PokerStars homepage
  • If this is your first visit, be sure to check out the FAQ by clicking the link above. You may have to register before you can post: click the register link above to proceed. To start viewing messages, select the forum that you want to visit from the selection below.

Announcement

Collapse
No announcement yet.

interesting river card

Collapse
X
  • Filter
  • Time
  • Show
Clear All
new posts

  • interesting river card

    PokerStars No-Limit Hold'em, 0 Tournament, 50/100 Blinds (9 handed) - PokerStars Converter Tool from FlopTurnRiver.com

    MP3 (t1005)
    CO (t1725)
    Button (t2495)
    SB (t2195)
    BB (t4197)
    UTG (t3405)
    UTG+1 (t6010)
    MP1 (t2710)
    Hero (MP2) (t2920)

    Hero's M: 19.47

    Preflop: Hero is MP2 with 6, 6
    3 folds, Hero bets t250, 4 folds, BB calls t150

    Flop: (t550) 5, 4, 3 (2 players)
    BB bets t100, Hero raises to t300, BB calls t200

    Turn: (t1150) Q (2 players)
    BB bets t100, Hero calls t100

    River: (t1350) 2 (2 players)
    BB bets t1350, Hero ?

    Villain must have a good hand, but a good hand includes A-5 straight and sets, which I beat as well as flushes which beat me.
    Last edited by DLeviathan; Sat Mar 19, 2011, 09:55 PM.

  • #2
    Based on the action in this hand I would have to put the villian on Ax flush draw, like AcQc or something like that. His betting/calling isn't really consistent with a weaker flush draw like 9c10c. The addition of the gutshot straight draw to his flush draw may be why he chose to bet into you on the flop and then again on the turn. The small turn bet was probably because he missed his draws, but still wanted to build the pot some if he is lucky enough to hit the river. umbup:

    Comment


    • #3
      The small bet, small bet, big bet technique makes me think two things (besides that you're up against someone who's bad):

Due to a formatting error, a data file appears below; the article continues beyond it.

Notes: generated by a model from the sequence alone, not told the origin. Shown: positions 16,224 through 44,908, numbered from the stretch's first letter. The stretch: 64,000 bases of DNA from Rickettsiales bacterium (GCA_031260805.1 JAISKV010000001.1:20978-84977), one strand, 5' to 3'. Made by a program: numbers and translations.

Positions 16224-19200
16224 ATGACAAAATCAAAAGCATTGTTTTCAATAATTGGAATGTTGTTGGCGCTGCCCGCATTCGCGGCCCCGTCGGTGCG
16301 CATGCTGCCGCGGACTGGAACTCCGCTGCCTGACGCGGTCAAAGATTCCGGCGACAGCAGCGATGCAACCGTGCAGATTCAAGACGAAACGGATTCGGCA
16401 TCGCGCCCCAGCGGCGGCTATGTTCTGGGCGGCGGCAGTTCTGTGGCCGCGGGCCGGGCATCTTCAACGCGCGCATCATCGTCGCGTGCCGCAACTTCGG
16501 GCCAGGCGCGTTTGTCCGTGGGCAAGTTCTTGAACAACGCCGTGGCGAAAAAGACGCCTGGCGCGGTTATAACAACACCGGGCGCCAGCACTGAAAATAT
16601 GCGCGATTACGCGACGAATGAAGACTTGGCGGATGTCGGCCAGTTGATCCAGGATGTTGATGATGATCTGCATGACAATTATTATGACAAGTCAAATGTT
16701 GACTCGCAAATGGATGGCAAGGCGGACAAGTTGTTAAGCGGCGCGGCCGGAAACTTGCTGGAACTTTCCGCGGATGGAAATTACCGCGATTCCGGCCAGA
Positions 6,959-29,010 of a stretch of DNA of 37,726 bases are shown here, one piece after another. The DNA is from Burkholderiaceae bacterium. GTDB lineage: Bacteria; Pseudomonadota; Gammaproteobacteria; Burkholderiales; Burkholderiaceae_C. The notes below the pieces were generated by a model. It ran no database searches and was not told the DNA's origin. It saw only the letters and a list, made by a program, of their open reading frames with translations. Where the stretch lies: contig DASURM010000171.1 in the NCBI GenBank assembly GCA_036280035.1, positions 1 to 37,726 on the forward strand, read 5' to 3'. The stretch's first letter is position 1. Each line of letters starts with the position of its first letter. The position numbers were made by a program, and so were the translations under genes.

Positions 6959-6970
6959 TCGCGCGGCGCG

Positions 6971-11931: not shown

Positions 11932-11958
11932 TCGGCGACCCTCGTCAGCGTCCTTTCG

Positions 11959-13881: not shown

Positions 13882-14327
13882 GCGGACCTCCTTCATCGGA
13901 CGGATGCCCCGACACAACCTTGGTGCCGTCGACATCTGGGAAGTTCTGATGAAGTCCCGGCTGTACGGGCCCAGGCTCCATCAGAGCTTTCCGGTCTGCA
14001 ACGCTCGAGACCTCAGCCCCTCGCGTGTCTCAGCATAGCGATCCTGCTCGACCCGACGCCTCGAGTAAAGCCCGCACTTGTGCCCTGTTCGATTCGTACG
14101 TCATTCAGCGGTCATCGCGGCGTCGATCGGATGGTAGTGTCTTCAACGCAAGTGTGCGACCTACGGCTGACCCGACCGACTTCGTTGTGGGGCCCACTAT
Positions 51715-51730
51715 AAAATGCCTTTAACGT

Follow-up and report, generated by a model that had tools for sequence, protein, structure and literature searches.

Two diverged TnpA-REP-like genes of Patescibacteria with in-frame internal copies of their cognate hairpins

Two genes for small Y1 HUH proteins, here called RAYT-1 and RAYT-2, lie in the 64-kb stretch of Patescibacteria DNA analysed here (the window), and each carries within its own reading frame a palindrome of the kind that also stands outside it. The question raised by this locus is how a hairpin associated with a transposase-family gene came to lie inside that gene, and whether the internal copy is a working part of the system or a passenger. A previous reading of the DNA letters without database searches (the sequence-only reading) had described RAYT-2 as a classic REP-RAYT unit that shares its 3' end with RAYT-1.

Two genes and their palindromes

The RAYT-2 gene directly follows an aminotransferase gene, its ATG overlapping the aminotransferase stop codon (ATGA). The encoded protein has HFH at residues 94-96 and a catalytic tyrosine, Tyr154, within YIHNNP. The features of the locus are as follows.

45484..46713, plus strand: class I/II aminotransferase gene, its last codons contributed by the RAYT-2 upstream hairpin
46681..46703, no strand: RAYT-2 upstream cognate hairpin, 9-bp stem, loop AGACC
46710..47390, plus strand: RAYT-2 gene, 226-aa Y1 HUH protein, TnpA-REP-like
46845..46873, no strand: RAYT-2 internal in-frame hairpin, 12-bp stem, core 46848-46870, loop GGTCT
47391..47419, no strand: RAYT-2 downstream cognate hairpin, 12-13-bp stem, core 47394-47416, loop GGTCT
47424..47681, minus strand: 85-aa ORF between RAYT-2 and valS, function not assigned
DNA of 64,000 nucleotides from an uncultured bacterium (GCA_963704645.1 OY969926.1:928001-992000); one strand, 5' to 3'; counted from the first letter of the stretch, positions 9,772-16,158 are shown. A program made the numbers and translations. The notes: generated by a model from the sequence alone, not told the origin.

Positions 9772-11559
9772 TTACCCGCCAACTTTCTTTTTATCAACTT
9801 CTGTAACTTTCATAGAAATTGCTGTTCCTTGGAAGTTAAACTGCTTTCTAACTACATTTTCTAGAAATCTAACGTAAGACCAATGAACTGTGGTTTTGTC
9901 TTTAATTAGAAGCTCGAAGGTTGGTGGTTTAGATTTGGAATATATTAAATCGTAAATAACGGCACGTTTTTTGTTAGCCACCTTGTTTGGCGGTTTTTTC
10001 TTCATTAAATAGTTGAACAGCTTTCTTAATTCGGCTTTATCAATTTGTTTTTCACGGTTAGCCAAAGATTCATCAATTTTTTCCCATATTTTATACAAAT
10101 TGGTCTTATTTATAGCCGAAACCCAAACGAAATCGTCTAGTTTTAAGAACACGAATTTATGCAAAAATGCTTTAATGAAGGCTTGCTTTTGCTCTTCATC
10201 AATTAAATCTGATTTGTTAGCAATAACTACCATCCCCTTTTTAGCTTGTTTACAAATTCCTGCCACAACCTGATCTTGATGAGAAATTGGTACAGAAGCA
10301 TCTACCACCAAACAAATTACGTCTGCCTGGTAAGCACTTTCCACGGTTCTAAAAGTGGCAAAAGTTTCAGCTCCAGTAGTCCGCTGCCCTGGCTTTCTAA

1) He flopped it.
      Range: A6, A2, 76
      Your equity vs. this range = 57.1%

      2) He rivered it.
      Equity (if he was chasing any flush draw or OESD): 70.4%

      Equity (if he was chasing a flush, guaranteed): 0%

      Equity (if he was chasing an OESD with 66, A6, or Q6, or a flush draw with at least one broadway card): about 22.6%

      I think those calculations are correct.

      So, the weird thing is using your reads on the guy to guess what he flopped. Does he have aces and a case of aces-never-lose tunnel-vision? Does he have a suited ATC hand and is blocking in hopes of hitting it inexpensively? Is he after a gutshot, or an OESD? Did he flop a set? Did he river a set? My reads are so much harder to establish when people play like this villain. I'd say that your prior reads on him would definitely be vital here. But ranging people when flush draws are out is definitely a weakness of mine, because you can't really use preflop ranging to say whether they're after the flush, or after something else. And in this case, post-flop ranging is a challenge.

      I would be interested to know more about how you viewed this hand, D, and if you did have any reads on the guy (HUD stats, post-flop tendencies, etc.). Great hand for analysis, btw. It's making me think.

      Comment


      • #4
        I run a HUD and had a small sample on this villain. So with the understanding that the sample is too small for any firm conclusions, he was loose and passive (around 30% VPIP). He was sufficiently passive for me to be highly confident he is not bluffing the river.

        From the equity calculations, it looks like I must call unless I have a very solid read that the player had a flush draw. If his range contains other draws, then 2-1 on the river is more than sufficient to call with a hand that beats almost everything other than a flush. I think Q2 may be in his range, but obviously that is a very small part of the range.
        Last edited by DLeviathan; Sun Mar 20, 2011, 07:19 PM.

        Comment


        • #5
          Originally posted by DLeviathan View Post
          He was sufficiently passive for me to be highly confident he is not bluffing the river.
          Judging by how he bet/called and then jammed we know he hit "SOMETHING" the problem, with a limited read on our man, is did he hit the ass end of the straight or the flush.

          We need to look at the raise pre he called with, which in my experience screams "I have an ace". Now is the ace what we think he hit with? Do we think he was calling you down with a wheel draw, and if he was is he posturing to avoid having to split the hit wheel?

          I'm thinking while its likely he was bum hunting the straight, in this case with the jam it's more likely he got there on the flush.

          That being said I would have a really hard time laying this hand down, but most likely look at my chip stack and decide we had enough equity to get away from this potential knock out, bear down and try to move on.

          Stephen

          Comment


          • #6
            He has Ace 5 of clubs
            3 Time Bracelet Winner


            Comment


            • #7
              I'd put him on AQ. He could have a flush, but I'd take the chance.